From the early days at the Comedy Store in London, to creating the ‘girl at the bar’ in BBC’s Naked Video as well as Catriona, the ditzy journalist in BBC’s Absolutely Fabulous, Lederer has starred in a plethora of top TV comedy and radio shows.
Her theatre credits include John Mortimer’s Full House and The Vagina Monologues in the West End, while on film she's been seen in Fat Slags, Speak Like a Child, Solitaire for Two and Absolutely Fabulous: Absolutely Not, and Nick Moran’s forthcoming feature The Kid.
Calendar Girls plays for ten more weeks at the Noel Coward (until 9 January 2010). Helen Lederer is joined by Olivier Award-winner Janie Dee, model Kelly Brook, fellow comediennes Arabella Weir and Debbie Chazen, and Coronation Street stars Julie Goodyear and Rob James Collier, both making their London stage debuts.
Was comedy always something that you wanted to do?
I was kind of the fat funny one at school so there was an awareness I could do it from early on. I used to perform sketches inspired by shows I'd seen on TV - I liked The Frost Report so we did mock interviews, which I loved. So I was on that path from a young age but then I did the wrong kind of degree to please my parents. After that I was doing theatre in education when I met and stole another person's comedy partner and formed a double act - that’s how I started performing professionally.
Who was that partner?
Maggie Fox, who's one half of LipService (she’s now happily back with her original partner). For nine months we did a double act together - we had a lot of fun; she had an ironing board, and did some very creative stuff with it. I miss that feeling of collaboration, but it wasn’t to be - you just can’t go round stealing people’s partners! So I decided to go it alone on the comedy circuit and that's what I did for the next five years.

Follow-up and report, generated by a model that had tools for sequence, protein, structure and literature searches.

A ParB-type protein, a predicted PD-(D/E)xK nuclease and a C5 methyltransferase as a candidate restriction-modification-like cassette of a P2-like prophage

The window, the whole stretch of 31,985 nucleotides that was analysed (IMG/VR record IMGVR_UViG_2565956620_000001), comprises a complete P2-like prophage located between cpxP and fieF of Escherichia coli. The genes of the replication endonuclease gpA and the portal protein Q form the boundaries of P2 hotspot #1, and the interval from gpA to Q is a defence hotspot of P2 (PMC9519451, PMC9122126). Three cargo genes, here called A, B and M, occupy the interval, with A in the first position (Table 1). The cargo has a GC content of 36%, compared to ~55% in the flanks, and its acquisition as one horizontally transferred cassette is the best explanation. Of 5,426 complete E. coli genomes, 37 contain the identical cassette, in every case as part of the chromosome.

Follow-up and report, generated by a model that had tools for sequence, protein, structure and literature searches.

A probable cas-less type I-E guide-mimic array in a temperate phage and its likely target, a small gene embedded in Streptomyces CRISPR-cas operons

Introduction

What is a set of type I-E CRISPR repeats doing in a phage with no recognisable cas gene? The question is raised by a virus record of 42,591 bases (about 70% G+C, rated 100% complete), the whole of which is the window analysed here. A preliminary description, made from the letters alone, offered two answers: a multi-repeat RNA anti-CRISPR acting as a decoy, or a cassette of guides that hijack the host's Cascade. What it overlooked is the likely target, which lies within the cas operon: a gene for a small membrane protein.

It must have been a great time to be in comedy
It was, with French and Saunders and the Comedy Store gang just starting out. But I was never really a big part of that movement - my whole life I’ve never been in a group. I've always been doing my thing, but a little bit separate. I was lucky to land on the scene when I did though, primarily because there seemed to be a lot of money around in those days, and plenty of producers scouting about.
Do you identify a particular project as being a 'breakthrough'?
I think my first big break was in a live comedy show called In One Ear that was on Radio 4. We did it at 11.30pm on a Saturday night and it was fantastic to go from doing gigs, where you had to work really hard with the varying degrees of failure and success, to going in the studio and have people laughing before you had even said anything. It made me realise why people wanted to do radio and TV – that feeling of having a ready-made platform as opposed to always having to slog. I used to say in the early days “I’m just going to give myself one more year and if nothing comes then I’ll stop”. That’s what kept me going, giving myself these timelines.
So what's been the key to sustaining your career?
If only I knew! I’m not a complacent person, I think looking back if you can just keep working and keep solvent that's a huge achievement. Now I just love every job that comes in, I really relish it. But at the beginning the jobs just kept coming and all you worried about was being good enough. I always worried about that, so I didn’t go “yippee I’ve got a job, I’m part of something”. Now I’m thrilled if a job comes in and I haven’t begged or slept with someone to get it! I’m very respectful of work now.